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Home Gadgets Spatialized audio arrives on Google Pixel, with any headset

Spatialized audio arrives on Google Pixel, with any headset

by Joseph Richard
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Google is making a move to bring spatialized audio, also known as Atmos sound, to more users by adding native support for the feature on its upcoming Pixel 6, Pixel 6 Pro, Pixel 7, and Pixel 7 Pro devices. This means that any headphones or earphones connected to these devices will be able to take advantage of the technology, including wired options.

According to Google’s support page, the feature will be activated in the sound options and requires a minimum 5.1 stream from a multichannel-supporting application. This will likely mean that video streaming apps will be able to use the feature, though it’s unclear if audio streaming apps will also be able to utilize it. It’s worth noting that Apple’s version of spatial audio is likely more widely available, as it doesn’t have the same stream requirements.

One advantage of Google’s implementation is that it will work with any brand or model of headphones or earphones. However, it’s worth noting that users won’t be able to take advantage of personalized correction, unlike with some of Sony or Apple’s earbuds which offer ear scans for customization. It’s also worth noting that the feature will only be available on the aforementioned Pixel devices, not the “A” versions or earlier models.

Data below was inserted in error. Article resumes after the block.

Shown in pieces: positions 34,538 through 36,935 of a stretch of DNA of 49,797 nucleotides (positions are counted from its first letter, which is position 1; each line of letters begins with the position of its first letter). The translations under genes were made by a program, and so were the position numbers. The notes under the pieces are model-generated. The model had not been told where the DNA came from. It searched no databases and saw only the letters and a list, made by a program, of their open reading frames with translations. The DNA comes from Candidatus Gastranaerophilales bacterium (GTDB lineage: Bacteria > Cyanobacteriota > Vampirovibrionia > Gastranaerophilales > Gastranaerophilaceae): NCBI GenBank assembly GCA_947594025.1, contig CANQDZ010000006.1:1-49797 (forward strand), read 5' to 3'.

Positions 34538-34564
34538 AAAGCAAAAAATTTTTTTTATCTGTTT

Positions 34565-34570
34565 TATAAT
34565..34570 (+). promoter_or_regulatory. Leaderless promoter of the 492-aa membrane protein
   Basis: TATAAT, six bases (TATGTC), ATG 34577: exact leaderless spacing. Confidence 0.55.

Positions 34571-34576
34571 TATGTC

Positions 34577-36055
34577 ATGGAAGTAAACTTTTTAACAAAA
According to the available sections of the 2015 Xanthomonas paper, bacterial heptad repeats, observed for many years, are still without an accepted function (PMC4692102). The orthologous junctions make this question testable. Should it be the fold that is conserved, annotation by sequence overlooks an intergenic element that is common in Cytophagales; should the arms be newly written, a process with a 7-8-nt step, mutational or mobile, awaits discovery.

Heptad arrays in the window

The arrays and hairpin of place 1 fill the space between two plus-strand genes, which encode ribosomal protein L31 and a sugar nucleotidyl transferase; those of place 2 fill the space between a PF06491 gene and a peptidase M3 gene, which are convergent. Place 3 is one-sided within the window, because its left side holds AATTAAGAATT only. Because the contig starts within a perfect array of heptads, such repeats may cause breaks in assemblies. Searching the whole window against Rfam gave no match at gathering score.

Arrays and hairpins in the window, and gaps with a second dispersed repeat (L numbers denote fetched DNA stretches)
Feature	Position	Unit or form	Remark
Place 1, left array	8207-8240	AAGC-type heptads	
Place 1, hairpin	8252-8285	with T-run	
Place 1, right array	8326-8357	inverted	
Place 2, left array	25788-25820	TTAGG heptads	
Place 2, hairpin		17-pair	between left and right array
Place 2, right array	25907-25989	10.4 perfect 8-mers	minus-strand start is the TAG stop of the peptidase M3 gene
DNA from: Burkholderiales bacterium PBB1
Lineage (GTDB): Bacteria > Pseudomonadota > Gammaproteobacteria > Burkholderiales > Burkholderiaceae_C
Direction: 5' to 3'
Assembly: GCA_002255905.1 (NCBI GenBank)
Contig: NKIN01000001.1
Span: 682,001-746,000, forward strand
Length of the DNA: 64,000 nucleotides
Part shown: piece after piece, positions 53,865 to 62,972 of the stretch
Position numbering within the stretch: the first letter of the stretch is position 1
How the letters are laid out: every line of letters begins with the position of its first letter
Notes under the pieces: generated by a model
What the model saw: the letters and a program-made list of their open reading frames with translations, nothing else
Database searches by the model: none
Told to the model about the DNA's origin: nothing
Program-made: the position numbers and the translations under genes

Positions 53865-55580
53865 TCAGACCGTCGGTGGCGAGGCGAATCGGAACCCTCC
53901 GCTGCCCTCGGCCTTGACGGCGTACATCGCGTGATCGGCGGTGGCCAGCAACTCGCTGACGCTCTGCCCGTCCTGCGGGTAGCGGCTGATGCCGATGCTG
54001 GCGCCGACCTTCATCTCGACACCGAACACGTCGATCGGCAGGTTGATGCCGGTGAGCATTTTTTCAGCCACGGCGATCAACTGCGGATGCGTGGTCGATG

While any headphones or earphones can use the feature, Google is reserving the most advanced implementation for its Pixel Buds Pro headphones. These headphones will also be able to track head movements, a feature that requires specific hardware like gyroscopes. This version of the firmware will be made available shortly after the Android update.

Overall, the addition of spatial audio to Google’s Pixel devices is a step towards more widespread availability of the technology, which has previously been limited to specific models or applications. However, it’s worth noting that the feature will still be limited to certain devices and may have requirements for stream quality, meaning that it may not be as universally available as some users might hope.

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